July 12, 2018
Say it isn’t so: video games are influencing kids to read books
by Michael Seidlinger
That’s a headline I never expected to write with any sincerity — but according to Alison Flood and Sian Cain at the Guardian, the popular video game Minecraft has become a sort of gateway drug for books.
You’ve likely already heard of Minecraft—it’s one of the most popular games in existence—but may not know about the openness and creativity the game offers. By allowing players to build entire worlds to their liking, Minecraft engages with players in visualizing details beyond the basics. The worlds created in-game can be as vibrant as anything told on the page.
Now, some are bridging the gap between game and literature. Litcraft, a partnership between Lancaster University and Microsoft, has built the world of Treasure Island in the game. By offering up a fully interactive depiction of Skeleton Island, professor Sally Bushell says she hopes to create “an educational model that connects the imaginative spatial experience of reading the text to an immersive experience in the game world.” This means activating the player in young students while at the same time keeping them interested in the source material.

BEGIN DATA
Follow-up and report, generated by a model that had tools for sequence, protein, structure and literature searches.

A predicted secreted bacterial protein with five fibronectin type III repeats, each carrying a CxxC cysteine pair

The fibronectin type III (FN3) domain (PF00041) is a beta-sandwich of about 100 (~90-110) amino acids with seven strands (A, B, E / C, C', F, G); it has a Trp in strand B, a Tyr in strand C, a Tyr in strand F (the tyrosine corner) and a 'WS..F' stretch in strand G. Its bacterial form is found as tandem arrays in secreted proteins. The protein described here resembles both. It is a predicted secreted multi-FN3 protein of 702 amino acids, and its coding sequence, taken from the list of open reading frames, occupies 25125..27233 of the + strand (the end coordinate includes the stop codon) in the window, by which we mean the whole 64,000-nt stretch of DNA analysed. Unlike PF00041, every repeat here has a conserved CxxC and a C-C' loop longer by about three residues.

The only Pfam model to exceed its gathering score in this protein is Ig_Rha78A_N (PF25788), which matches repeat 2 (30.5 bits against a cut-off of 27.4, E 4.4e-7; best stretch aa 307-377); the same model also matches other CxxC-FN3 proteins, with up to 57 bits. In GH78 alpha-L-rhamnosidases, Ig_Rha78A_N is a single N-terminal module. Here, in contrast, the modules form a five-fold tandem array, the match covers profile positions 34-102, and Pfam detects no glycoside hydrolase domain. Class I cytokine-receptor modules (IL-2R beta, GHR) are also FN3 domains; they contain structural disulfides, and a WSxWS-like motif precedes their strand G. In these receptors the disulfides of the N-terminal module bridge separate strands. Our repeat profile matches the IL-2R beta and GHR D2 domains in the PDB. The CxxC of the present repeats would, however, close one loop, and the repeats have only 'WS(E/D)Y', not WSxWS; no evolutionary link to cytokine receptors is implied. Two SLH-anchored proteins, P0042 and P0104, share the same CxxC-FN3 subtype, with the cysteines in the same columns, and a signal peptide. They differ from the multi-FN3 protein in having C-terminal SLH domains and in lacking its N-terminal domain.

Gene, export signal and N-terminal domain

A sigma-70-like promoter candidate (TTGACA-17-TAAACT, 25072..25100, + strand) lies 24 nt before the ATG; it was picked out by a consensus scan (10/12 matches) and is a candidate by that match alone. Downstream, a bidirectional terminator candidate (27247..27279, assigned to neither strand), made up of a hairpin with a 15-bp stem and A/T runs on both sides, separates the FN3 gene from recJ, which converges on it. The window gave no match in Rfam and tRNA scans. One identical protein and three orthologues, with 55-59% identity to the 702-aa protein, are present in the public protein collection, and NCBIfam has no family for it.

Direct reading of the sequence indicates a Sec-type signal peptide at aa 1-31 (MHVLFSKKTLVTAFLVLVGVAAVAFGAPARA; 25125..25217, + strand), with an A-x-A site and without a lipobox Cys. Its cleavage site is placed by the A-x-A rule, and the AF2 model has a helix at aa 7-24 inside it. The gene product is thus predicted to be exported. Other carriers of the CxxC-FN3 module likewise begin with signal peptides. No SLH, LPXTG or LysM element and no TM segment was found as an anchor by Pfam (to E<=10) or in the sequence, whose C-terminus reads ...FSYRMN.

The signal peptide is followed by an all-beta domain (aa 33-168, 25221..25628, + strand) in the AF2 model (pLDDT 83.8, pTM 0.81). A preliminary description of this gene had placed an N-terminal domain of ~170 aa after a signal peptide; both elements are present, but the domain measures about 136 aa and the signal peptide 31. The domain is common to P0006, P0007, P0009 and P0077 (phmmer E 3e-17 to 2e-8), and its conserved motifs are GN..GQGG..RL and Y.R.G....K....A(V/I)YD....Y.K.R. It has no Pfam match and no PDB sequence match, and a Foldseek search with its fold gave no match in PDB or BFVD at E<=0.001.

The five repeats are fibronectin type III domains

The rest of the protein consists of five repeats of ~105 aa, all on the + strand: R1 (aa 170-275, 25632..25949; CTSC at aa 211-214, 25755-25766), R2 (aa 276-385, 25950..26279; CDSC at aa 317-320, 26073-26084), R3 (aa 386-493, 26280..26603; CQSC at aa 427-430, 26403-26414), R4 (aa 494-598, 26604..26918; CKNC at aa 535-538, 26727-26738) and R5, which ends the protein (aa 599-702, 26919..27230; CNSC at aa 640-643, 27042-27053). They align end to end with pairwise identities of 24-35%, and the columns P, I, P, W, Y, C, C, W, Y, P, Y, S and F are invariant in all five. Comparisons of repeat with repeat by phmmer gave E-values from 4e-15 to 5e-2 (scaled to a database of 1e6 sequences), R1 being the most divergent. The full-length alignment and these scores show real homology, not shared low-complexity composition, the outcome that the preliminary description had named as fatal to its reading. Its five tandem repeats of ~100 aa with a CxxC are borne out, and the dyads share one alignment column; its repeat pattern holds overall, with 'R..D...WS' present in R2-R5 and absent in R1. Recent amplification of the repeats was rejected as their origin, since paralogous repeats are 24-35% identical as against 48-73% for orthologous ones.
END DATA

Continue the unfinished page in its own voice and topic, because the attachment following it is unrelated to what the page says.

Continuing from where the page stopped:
This isn’t the first of its kind: The game has prompted countless homages to literature (like a living, breathing Hogwarts), but Litcraft hasmade sure the various worlds created as part of the project will be as vivid as possible. One particular playtester, named Dylan, might have phrased it best: “I’ve read the book, but you have to follow rules in that. In games, you can explore. Now I know exactly what the book looked like.” The emphasis here is on the visual component. Players most enjoyed being able to see what they had previously only imagined, empowering their imaginations and bringing favorite books’ inmost details to life.
Hopefully, more projects will come along to help bridge the gap between game and book. It’s reassuring to see a novel, conscious effort to inspire a generation of new, digital native readers to give books a chance. The moment they get caught up in the pages, unable to stop reading, it becomes evident where the storytelling power comes from.
Surely, you never regret getting lost in a book.
Michael Seidlinger is the Library and Academic Marketing Manager at Melville House.